Barry was also instrumental in the establishment of the National Vision Research Institute (NVRI) in 1972, supported by Dr David Cockburn and Jean Colledge. Barry was acting Director until the appointment of a full-time director in 1977.

As joint Chairman of the Department of Optometry and Director of the College, one of Barry’s aims was to encourage the growth of the ACO clinic. An approach from the Victorian Government in 1985 enabled the establishment of a public health eye care program for people experiencing disadvantage across Victoria. This public health vision remains central to the ACO to this day. It also provided a rich learning environment for teaching and research.

Professor Cole and Gerard Crock, who was the University of Melbourne’s foundation Ringland Anderson Professor of Ophthalmology, established the now world-famous Low Vision Clinic at Kooyong for the Association for the Blind (now Vision Australia).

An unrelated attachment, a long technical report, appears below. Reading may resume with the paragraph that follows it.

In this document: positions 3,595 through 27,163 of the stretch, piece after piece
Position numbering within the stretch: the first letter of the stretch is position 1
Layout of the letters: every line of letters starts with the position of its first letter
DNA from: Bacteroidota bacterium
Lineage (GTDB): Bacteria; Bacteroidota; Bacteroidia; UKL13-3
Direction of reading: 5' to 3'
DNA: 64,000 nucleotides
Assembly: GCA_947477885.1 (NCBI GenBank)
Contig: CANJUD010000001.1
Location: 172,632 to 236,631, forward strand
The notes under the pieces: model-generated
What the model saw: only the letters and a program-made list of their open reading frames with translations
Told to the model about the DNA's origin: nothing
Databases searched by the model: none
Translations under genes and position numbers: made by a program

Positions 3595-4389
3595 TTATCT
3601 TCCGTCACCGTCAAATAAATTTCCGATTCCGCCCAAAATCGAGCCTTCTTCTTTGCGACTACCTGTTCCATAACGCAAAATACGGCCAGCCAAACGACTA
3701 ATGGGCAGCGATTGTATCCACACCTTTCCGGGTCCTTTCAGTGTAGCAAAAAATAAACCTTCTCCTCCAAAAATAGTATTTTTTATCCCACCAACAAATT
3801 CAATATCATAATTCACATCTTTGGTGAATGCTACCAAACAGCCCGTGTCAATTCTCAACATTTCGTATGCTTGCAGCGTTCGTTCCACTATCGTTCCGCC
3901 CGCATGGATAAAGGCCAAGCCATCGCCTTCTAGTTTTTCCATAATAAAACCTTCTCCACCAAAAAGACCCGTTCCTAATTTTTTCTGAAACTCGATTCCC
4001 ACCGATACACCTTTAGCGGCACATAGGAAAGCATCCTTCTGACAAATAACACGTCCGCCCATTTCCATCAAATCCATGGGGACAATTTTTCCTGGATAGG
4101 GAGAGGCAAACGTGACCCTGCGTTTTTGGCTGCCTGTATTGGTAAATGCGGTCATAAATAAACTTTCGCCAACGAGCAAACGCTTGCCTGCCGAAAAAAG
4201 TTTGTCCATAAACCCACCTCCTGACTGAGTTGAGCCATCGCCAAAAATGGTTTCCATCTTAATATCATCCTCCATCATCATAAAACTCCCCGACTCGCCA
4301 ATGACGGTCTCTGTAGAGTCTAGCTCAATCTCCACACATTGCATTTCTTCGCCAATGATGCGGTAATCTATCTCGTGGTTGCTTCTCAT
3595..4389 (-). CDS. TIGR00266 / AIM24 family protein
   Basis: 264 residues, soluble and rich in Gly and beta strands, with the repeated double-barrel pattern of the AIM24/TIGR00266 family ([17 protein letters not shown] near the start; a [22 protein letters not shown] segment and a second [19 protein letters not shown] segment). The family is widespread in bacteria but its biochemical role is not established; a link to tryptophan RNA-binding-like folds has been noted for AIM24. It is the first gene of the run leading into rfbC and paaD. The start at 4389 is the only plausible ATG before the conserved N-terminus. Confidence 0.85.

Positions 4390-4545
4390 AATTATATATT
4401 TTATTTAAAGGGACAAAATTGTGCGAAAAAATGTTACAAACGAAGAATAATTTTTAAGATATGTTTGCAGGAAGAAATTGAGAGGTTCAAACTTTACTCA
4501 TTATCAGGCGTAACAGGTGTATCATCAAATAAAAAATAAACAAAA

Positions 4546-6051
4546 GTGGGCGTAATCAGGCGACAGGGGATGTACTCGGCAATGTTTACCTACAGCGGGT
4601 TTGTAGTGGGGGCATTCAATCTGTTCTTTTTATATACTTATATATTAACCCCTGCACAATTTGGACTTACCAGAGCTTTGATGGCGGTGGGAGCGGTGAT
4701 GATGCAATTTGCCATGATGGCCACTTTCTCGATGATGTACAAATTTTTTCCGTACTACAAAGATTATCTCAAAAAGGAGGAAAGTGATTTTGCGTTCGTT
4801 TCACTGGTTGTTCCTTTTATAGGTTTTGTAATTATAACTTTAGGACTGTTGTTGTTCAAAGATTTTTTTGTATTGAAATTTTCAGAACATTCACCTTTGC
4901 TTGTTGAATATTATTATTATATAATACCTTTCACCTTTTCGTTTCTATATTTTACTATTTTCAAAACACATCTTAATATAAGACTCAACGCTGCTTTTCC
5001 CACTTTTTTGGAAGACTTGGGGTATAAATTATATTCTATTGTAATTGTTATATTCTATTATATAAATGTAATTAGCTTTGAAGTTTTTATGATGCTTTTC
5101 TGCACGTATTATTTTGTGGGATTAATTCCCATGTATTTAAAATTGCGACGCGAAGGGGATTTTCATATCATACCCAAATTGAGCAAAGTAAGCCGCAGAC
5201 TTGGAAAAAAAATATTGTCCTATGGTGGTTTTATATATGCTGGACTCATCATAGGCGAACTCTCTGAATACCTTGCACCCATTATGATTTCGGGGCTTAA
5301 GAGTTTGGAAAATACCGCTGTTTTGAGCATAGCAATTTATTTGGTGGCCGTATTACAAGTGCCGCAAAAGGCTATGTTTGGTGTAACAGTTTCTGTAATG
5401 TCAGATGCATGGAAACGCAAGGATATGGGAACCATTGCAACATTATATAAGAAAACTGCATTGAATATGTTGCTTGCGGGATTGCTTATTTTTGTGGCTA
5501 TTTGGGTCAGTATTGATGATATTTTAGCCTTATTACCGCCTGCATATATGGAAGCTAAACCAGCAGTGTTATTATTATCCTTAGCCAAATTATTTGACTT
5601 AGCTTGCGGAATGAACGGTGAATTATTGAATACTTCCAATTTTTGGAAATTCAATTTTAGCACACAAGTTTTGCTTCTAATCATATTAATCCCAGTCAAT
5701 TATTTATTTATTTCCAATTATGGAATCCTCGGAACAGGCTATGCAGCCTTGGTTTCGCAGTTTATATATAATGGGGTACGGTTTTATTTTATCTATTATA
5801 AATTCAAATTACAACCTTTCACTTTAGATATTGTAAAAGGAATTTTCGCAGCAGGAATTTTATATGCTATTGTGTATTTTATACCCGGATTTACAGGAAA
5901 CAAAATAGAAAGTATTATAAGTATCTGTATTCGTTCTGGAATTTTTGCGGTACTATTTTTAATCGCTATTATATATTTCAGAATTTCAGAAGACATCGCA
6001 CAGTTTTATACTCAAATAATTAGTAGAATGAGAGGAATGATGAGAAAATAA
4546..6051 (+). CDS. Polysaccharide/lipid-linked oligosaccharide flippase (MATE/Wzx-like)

Professor Cole inspired his students and taught many of the great minds and leaders of optometry over four decades including, but not limited to, Professors Tony Adams, Ian Bailey, Brian Brown, Brien Holden, Leon Garner, Donald Mitchell, Robert Hess and Dr Rodney Watkins in the world of academia. Many others became leaders of the profession working with optometric associations and regulatory bodies.

Professor Cole had a particular interest in vision standards and was involved in developing many Government standards such as colour vision, driver’s vision, lighting, pilot’s vision and occupational vision. Again, his reach in these fields was world-wide. His interests extended to standards of behaviour and he fought for high ethical behaviour among optometrists. The College adopted its own code of ethics for its members under his guidance. Professor Cole served on the Victorian Optometric Registration Board, the authority that regulated optometry in Victoria for many years.

In recognition of his service to medicine, particularly in the field of optometry, Professor Cole was made an Officer of the Order of Australia in 1987.

After a highly regarded career, Professor Cole retired in 1999. In his retirement he embarked on another ambitious project – a book  titled “A History of Australian Optometry; Two hundred years of beating the tyranny of distance and fighting political battles to find new roles and a new place in health care.’ This story of optometry in Australia was published in 2015 and makes for compelling reading for students, optometrists and others.